Elephants, like humans, have distinct personalities. Individual personality traits, according to a new study from the University of Wyoming, play an important role in helping elephants solve problems. This study establishes links between two sources of individual variation in threatened species: personality and cognition.
Elephants have personalities, just like humans, according to new research published in the Journal of Comparative Psychology. Furthermore, an elephant’s personality may influence how well that elephant solves novel problems.
Lisa Barrett and Sarah Benson-Amram of the University of Wyoming’s Animal Behavior and Cognition Lab, led by Benson-Amram, wrote the article. It is available to view here. The authors of the paper used elephant caretakers to test 15 Asian elephants and three African savanna elephants in three zoos across the country: the San Diego Zoo, the Smithsonian’s National Zoological Park, and the Oklahoma City Zoo.
Elephants have their very own personalities, just like humans. According to a new study, individual personality traits play an important role in helping elephants solve problems.
Barrett and Benson-previous Amram’s research demonstrated that Asian elephants can use water as a tool to solve a novel problem – and reach a tasty marshmallow reward – in what’s known as the floating object task. This time, the authors devised new novel tasks for the elephants, as well as personality tests.
“We took a comprehensive approach, using three different problem-solving tasks and three different types of personality assessments to see if individual personality played a role in elephants’ ability to solve these tasks,” Barrett says. “Because we couldn’t give the elephants personality tests like you’re used to seeing online, we had to think creatively.”
The research focused on 15 Asian elephants and three African savanna elephants in zoos throughout the United States. Previous research had shown that Asian elephants can use water as a tool to solve a novel problem – and thus obtain a food reward – in what is known as the floating object task.
The authors devised novel object tests in which they presented the elephants with an unfamiliar object, such as a mylar balloon, a burned log, or the scent of a predator (lion or hyena), and recorded their responses. You can watch videos of the novel object trials, which include a balloon, a burned log, and urine. They also asked elephant caregivers to complete a survey about the personalities of the animals in their care, and they watched the elephants interact with one another in their zoo habitats.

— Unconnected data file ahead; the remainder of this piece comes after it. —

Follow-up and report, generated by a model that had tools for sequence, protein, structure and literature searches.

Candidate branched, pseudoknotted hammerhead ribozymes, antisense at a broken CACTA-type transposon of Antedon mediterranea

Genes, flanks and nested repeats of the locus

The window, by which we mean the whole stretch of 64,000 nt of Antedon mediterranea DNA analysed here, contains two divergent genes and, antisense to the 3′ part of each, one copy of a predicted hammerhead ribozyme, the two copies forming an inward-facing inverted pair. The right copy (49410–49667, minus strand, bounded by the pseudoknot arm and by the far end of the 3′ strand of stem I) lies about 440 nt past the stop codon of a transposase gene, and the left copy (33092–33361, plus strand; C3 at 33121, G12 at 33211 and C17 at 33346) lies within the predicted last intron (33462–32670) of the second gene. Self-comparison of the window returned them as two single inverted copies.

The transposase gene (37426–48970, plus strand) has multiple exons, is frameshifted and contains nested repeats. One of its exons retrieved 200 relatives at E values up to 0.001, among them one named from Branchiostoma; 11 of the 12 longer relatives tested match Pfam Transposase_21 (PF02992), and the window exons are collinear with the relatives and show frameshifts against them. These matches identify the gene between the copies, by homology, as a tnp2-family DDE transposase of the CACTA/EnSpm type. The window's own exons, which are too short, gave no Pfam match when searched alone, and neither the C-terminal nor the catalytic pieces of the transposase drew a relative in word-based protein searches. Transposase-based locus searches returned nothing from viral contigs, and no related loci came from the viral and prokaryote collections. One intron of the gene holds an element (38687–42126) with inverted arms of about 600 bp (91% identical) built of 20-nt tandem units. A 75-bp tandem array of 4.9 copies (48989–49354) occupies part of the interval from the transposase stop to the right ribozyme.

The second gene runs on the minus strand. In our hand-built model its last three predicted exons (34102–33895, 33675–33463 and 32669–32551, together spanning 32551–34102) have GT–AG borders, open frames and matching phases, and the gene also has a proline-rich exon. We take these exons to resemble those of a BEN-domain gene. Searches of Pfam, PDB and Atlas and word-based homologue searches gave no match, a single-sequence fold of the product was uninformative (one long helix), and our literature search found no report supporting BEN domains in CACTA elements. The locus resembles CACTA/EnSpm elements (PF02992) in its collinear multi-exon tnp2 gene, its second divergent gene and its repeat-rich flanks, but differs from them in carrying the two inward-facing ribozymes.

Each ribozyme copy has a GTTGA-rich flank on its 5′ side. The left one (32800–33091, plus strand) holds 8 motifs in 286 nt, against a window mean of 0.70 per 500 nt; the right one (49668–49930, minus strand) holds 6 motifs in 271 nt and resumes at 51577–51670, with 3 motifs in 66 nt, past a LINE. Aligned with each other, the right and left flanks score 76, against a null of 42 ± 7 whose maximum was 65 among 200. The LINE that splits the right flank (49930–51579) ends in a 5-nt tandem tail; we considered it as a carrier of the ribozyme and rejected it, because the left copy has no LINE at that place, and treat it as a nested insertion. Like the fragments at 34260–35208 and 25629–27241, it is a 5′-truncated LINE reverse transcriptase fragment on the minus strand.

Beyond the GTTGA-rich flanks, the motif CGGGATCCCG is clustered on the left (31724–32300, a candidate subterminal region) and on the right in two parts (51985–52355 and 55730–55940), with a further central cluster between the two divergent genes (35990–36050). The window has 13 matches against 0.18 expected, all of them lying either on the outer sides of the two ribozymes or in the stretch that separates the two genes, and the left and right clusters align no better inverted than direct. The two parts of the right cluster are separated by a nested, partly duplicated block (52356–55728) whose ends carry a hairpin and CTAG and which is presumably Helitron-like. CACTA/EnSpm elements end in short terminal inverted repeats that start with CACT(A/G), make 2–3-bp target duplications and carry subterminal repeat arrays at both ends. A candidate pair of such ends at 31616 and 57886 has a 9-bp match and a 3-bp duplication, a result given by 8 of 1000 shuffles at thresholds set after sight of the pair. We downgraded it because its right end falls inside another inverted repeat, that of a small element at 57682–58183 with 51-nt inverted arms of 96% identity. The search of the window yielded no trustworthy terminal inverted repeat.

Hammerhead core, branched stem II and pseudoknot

Barrett and Benson-Amram learned from those assessments that surveys and observations were the most reliable methods for determining elephant personality. Barrett and Benson-Amram measured traits like active, affectionate, aggressive, defiant, excitable, mischievous, shy, and sociable, all of which have been studied in other animals.
“We were curious to see if the personality traits revealed by the surveys and observations predicted success on novel problem-solving tasks,” says Benson-Amram. “We gave the elephants three chances to solve each task, and we measured whether they learned to solve faster over time, and then we traced their success back to their personality type.”
The trap tube task, which is a common test used with primates but had never been presented outside of primates before, was one of the three problem-solving tasks. You can watch videos of the problem-solving trials, which include boxed ball, rod ball, and trap tube.
Barrett and Benson-Amram discovered that elephants learned to solve two of the three tasks faster over time, despite only receiving three trials on each task. Overall, personality traits such as aggressiveness and activity were significant predictors of problem-solving ability, but the personality traits measured did not significantly predict learning ability.
This study establishes links between two sources of individual variation in threatened species: personality and cognition. One reason it is important to study problem-solving in elephants is that they are constantly confronted with new problems that they must solve in the wild. Elephants, for example, may be more likely to invade farmland and contribute to human-elephant conflict if certain traits enable them to overcome novel problems. With more research, managers will be able to predict which elephants will overcome or become accustomed to deterrents, and they will be able to devote more resources to tracking elephants.
The authors advocate for more research into various types of personality assessments to determine which methods would be best for managing zoo and wild elephants.
“Research with free-roaming elephants can extend this study to determine which personality traits are most important for solving novel problems that elephants face in the wild,” says Barrett, a 2020 graduate of the UW’s Program in Ecology and the Department of Zoology and Physiology.